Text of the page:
He was a knowledgeable und enthusiastic gardener and beekeeper, but undoubtedly, his crowning agricultural achievement was in viniculture and wine-making: From his study of climatology and knowledge (from Hanford days) of eastern Washington State, he believed that high-quality wine grapes could and should be grown in the Columbia Valley. With nine associates, many of them from the University, he helped set up a group to grow the highest quality grapes and manufacture fine wines. This enterprise, known as Associated Vintners of Washington, is now a successful small business, unable to keep up with the strong demand for its prize-winning products.

Over the years, he served the AMS in many capacities including three terms as Councilor and one as Vice President. He was one of the first to be named a Fellow of the Society. He conceived of and carried through the arrangements for the Golden Anniversary Fund whereby special gifts were held in an investment trust and turned over for use by the Society on the occasion of its fiftieth anniversary.

He was also a member and officer of other scientific societies, serving as Chairman of the Meteorology Section of American Geographical Union in 1953-56, and as President of the Pacific Division of AAAS in 1960-63. He was a trustee of the University Committee for Atmospheric Research, UCAR, from 1959 to 1967, and its Treasurer in 1964-67.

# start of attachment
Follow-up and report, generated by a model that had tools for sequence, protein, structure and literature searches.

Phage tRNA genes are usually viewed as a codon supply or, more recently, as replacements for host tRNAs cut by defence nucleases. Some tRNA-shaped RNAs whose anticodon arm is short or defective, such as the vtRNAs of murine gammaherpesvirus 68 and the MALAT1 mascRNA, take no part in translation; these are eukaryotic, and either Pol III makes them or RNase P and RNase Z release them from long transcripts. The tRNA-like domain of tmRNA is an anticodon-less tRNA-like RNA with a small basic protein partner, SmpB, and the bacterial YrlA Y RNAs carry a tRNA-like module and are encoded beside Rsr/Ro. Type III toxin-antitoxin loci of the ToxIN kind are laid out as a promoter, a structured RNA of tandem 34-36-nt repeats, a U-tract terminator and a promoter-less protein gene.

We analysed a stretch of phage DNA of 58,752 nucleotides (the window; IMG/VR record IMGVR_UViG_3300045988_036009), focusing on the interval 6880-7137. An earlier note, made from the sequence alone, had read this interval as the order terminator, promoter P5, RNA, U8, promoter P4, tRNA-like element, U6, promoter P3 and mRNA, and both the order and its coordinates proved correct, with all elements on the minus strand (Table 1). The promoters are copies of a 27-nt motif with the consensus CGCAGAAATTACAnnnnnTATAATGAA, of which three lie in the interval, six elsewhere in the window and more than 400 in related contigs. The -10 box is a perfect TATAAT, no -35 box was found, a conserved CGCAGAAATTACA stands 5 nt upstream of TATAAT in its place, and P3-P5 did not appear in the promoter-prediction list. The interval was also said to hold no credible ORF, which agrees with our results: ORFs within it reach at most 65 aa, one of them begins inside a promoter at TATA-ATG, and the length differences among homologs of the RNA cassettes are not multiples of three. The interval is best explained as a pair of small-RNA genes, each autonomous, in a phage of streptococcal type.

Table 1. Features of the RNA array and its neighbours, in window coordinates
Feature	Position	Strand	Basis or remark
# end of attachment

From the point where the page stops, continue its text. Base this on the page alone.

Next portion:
Parallel with all this activity, he maintained an active professional life. Phil’s scientific interests were broad but centered around the study of climatology. His interest in oceanography and limnology stemmed from the importance of water bodies as heat reservoirs for the atmosphere. During his association with the Hanford project, he initiated studies of atmospheric diffusion that still continue there, and which have born additional fruit in the research done at the University of Washington on the atmospheric boundary layer. Because of his interest in arctic climatology, he and his colleagues began arctic studies during IGY in 1957, and these continue, most recently in the form of AIDJEX (Air Ice Dynamics Joint Experiment) based at the University.

These activities slowed only slightly when he retired as departmental chairman in 1967, but with full retirement at the age of 70 in 1972, he slackened his pace considerably, spending only two days a week at his desk and taking time to travel, especially to visit his four daughters and their families.

It was while visiting one of his daughters in California that Phil suffered a fatal heart attack and passed away surrounded by those dearest to him.

Surprising even to his closest friends was an interest in music that Phil developed in the last few years of his life. He had composed some folk-like tunes which were arranged and written down by a musician of his acquaintance. It was fitting at the memorial service held on June 5, in the family church, that ‘this music should be played in memory of one who had lived a full, rounded, and productive life.